On perspectives (1)

July 5, 2017

The recent election, and the way I followed and observed it, as well as participated, has got me thinking about the question of perspectives, ways of seeing many different aspects of our world. For the first time I was very clearly aware of the bubble from which I was seeing the election: as a left-leaning voter, I got my news from left-ish sources – The Guardian newspaper, and the Independent, and occasionally checked into the Daily Telegraph, as I’ve done for years, to see how the enemy was thinking. And then there was the social media: almost everyone I knew was commenting and discussing from the same left-wing perspective and I had no idea what the enemy were up to unless a friend commented on a Conservative blogpost or suchlike… Rude awakenings came from the occasional leaflet pushed through the letterbox… and I found myself thinking, I have been compartmentalised and also compartmentalised myself. What is going on, what are people thinking out there in the real world?

I wondered how many left-leaning retired teachers there might be, who are also religious-tending agnostic, with a European perspective on everything because they are only half-English? I must be in a very small sub-group. And then I thought, does any of this matter? It seems to me it does when one slips into thinking that my world is the world. At one level, I’m sure that the notions above are common-sense, blindingly obvious when you think about them: the issue really is how often do we think seriously about them, and where do we get when we do?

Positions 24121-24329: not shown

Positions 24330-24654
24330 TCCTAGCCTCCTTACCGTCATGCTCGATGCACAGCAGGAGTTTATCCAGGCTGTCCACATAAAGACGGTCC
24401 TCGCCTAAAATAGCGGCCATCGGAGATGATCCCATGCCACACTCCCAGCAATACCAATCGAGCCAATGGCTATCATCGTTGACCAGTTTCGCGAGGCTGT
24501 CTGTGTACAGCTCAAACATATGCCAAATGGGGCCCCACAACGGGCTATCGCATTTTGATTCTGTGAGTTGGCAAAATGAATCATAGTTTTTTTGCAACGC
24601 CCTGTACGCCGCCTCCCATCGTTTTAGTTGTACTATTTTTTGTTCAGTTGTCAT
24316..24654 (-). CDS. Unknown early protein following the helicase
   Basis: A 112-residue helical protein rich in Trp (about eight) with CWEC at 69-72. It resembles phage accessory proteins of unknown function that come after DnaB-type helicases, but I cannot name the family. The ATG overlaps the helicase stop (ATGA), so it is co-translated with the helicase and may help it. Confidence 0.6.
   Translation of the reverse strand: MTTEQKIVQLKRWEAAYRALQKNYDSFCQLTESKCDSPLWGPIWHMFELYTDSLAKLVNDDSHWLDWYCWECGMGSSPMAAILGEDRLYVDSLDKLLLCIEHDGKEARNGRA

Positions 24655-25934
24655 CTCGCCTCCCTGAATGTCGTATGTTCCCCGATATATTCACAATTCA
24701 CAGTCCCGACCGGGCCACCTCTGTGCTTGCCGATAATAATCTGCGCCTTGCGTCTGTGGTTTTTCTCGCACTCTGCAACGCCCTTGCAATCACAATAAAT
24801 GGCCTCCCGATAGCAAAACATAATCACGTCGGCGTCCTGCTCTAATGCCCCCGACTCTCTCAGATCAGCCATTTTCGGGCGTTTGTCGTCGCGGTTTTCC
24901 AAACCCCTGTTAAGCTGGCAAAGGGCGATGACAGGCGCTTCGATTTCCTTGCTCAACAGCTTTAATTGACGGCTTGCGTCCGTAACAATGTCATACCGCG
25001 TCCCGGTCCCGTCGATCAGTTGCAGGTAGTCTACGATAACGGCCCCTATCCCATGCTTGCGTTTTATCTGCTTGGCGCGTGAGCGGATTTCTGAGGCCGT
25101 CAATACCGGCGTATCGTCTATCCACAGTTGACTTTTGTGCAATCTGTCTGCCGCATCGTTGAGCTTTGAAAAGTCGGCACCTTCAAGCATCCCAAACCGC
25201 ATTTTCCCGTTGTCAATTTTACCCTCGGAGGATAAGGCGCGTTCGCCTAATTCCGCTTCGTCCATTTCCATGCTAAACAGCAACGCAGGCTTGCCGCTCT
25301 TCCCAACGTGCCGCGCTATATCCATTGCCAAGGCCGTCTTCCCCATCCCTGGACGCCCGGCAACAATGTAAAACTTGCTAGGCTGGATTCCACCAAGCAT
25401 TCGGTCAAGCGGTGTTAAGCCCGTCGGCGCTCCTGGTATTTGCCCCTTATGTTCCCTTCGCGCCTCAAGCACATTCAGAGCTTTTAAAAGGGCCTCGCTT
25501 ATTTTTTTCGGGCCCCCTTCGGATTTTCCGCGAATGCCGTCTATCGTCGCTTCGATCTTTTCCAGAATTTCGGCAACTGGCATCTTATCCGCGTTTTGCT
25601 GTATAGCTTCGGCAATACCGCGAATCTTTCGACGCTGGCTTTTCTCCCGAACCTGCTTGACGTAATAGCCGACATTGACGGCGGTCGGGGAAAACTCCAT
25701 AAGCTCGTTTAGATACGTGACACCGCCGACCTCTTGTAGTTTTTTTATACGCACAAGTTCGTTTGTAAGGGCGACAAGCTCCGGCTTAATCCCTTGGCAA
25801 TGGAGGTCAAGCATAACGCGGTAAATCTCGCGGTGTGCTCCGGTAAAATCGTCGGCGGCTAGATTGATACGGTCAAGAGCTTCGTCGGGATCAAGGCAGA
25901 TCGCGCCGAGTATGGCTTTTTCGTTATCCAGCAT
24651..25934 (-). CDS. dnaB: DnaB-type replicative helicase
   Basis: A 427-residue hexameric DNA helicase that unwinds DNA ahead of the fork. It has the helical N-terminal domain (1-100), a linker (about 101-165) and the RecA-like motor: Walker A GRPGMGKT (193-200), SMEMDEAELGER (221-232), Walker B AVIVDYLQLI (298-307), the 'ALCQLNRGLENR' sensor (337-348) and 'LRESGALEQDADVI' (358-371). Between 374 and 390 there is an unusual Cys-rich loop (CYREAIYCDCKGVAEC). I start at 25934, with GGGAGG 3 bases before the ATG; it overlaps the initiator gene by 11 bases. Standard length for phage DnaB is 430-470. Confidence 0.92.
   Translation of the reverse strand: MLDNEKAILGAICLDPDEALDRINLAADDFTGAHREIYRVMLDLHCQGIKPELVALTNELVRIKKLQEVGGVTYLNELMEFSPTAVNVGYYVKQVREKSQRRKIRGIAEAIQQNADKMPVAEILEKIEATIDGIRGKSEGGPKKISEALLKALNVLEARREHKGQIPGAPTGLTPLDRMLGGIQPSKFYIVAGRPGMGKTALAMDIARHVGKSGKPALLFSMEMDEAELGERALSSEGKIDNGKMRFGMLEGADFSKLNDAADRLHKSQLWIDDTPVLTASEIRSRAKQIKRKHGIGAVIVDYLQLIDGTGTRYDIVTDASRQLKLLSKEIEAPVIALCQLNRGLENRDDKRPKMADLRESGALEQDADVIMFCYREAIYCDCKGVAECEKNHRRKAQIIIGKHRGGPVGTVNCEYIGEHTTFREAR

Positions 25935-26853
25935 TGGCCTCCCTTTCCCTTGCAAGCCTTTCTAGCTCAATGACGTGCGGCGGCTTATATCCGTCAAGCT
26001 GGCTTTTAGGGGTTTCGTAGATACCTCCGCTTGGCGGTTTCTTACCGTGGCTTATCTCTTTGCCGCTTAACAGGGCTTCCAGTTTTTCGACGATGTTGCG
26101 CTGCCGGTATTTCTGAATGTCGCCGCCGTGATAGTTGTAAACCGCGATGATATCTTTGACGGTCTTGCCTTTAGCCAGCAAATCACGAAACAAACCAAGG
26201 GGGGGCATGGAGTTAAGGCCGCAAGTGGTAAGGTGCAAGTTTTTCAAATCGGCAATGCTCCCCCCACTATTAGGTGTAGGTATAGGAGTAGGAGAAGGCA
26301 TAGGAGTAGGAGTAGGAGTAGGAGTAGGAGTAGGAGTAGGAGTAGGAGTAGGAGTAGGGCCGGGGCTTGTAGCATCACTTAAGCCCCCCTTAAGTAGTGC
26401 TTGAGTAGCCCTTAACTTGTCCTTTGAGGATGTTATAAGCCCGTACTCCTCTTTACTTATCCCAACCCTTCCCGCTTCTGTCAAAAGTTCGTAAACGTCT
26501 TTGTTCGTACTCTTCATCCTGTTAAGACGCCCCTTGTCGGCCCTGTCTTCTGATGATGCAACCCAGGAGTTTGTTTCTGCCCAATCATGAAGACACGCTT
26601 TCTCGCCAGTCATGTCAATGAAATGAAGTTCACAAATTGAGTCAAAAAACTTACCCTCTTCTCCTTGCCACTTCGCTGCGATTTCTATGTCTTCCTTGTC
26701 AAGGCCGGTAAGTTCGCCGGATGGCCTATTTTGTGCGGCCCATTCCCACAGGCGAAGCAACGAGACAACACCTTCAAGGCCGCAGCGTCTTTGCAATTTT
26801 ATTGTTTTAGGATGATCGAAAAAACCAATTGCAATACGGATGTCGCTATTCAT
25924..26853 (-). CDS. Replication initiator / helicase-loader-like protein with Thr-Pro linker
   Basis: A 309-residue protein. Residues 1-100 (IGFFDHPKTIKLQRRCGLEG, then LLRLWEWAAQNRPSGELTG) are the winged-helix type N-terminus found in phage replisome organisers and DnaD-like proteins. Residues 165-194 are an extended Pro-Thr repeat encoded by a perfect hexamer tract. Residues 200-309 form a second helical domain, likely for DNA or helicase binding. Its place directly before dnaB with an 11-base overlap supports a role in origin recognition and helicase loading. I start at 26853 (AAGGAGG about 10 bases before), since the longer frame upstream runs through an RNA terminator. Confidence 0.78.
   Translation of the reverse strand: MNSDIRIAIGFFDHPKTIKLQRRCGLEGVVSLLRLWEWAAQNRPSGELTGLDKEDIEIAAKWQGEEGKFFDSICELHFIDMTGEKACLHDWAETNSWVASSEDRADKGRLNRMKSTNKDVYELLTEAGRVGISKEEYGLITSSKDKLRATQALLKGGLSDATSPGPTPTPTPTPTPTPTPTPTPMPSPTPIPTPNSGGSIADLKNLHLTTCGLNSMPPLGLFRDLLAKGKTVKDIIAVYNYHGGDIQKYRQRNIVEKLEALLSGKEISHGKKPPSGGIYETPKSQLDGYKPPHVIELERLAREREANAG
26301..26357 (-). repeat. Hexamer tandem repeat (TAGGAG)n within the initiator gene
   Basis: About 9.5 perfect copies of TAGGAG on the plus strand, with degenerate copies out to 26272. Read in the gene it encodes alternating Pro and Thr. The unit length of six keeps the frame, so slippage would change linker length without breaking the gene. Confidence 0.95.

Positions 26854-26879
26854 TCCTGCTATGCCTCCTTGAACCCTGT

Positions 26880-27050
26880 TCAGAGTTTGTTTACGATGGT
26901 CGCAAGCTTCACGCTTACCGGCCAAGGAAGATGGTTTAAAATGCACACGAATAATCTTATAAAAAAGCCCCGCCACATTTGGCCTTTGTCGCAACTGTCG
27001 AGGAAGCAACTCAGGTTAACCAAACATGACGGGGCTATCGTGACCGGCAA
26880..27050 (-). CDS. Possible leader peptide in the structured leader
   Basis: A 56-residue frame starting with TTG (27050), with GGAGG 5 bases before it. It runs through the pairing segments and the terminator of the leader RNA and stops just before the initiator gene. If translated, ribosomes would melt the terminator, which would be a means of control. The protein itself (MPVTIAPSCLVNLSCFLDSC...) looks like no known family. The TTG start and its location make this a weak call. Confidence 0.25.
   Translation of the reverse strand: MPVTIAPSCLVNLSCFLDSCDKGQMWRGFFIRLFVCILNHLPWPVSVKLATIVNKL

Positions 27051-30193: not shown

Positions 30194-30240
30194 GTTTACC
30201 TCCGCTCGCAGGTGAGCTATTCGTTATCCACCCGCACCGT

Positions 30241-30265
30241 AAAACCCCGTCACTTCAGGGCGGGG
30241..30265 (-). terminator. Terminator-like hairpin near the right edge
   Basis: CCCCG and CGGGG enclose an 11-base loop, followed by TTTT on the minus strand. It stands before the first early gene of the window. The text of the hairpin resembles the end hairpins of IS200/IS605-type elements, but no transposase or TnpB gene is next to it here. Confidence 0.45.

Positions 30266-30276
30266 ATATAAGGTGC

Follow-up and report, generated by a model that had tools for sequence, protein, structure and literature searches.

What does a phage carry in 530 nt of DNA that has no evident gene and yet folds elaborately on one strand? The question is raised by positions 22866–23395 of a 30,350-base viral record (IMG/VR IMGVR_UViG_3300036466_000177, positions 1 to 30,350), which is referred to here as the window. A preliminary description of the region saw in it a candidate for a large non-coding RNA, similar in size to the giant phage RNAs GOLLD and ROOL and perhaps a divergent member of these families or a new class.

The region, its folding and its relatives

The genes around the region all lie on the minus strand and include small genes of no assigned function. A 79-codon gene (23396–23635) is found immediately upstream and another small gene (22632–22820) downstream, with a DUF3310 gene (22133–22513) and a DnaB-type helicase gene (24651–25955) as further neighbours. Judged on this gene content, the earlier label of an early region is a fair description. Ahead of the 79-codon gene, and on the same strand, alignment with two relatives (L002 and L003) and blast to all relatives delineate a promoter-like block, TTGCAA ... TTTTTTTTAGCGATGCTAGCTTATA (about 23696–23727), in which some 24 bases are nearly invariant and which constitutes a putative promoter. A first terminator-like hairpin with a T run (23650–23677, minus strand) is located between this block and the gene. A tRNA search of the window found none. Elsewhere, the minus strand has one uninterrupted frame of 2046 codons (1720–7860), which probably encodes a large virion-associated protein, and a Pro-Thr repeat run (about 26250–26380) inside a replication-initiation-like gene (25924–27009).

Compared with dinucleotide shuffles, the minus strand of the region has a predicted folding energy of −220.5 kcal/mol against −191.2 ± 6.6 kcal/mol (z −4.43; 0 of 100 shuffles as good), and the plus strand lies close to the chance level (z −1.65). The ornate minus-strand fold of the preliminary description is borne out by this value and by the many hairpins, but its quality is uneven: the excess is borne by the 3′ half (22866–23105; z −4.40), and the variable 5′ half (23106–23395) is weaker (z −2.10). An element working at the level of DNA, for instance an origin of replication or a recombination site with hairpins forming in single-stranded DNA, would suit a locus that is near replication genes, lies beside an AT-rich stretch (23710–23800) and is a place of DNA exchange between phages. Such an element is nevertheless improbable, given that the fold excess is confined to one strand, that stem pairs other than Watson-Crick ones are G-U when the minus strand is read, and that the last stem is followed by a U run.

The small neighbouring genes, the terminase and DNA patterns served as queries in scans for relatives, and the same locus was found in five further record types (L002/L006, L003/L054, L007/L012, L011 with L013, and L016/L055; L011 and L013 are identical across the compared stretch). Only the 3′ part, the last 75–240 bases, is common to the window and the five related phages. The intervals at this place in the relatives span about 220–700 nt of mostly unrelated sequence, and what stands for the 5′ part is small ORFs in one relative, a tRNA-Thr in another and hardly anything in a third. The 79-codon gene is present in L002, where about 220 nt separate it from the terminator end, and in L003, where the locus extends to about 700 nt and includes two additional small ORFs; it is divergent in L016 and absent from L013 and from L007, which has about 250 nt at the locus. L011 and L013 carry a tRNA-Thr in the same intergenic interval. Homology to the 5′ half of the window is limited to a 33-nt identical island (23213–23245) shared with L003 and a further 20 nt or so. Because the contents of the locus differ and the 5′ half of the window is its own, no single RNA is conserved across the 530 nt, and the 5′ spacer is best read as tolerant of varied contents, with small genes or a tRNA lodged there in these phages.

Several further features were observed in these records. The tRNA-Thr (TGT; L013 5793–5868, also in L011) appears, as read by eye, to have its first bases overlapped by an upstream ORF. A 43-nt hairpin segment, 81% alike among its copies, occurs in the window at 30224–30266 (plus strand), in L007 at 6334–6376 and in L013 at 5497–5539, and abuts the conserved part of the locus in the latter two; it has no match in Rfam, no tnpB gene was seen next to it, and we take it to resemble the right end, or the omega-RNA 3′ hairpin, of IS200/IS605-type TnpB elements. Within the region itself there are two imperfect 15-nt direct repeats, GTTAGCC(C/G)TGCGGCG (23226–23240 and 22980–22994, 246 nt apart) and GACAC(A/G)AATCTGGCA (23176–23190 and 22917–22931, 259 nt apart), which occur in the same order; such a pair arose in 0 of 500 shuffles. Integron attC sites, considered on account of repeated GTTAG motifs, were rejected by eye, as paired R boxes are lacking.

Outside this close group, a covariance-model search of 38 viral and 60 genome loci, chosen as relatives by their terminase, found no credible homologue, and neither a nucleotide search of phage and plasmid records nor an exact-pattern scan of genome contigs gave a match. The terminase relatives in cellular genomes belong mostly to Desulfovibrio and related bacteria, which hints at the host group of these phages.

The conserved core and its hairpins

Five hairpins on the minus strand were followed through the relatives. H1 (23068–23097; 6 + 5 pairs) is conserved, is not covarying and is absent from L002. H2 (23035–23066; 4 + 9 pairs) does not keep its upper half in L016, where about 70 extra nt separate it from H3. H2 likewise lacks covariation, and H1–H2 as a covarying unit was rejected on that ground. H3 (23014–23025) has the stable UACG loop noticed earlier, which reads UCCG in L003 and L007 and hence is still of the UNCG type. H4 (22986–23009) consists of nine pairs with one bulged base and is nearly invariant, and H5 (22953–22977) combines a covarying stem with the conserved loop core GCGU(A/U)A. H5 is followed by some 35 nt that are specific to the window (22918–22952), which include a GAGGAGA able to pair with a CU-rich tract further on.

One of the things I think has changed has been the way we have moved into a fully global era in my own lifetime. I don’t just mean global capitalism, although that is a big part of it, along with the increasing irrelevance of nation states and powerlessness of national governments, but the fact that it’s possible for the human race to annihilate itself through nuclear warfare, which is a relatively recently-acquired ability, as well as the way that we are increasingly trashing the entire planet and most of us are still ignoring the fact that we are doing it.

I’ve found it interesting that these global times have begun to produce attempts at global history, and attempts to look at the entire picture of human society and culture across time and across the world; what I see emerging is also a growing awareness of just how complex and interconnected everything is: if it’s so complicated that no single individual can grasp it all, then what hope do we actually have of being able to address the problems that face us as a species. And yet, in a way because of this globalisation, it has become easier for us to be segmented into smaller and smaller subgroups according to all sorts of interests and preferences; this reminds me of the ancient Roman adage divide et impera – divide and rule – there are plenty of reasons why it’s good to keep us divided according to our differences, rather than allow us to unite according to what we share with others…

to be continued…


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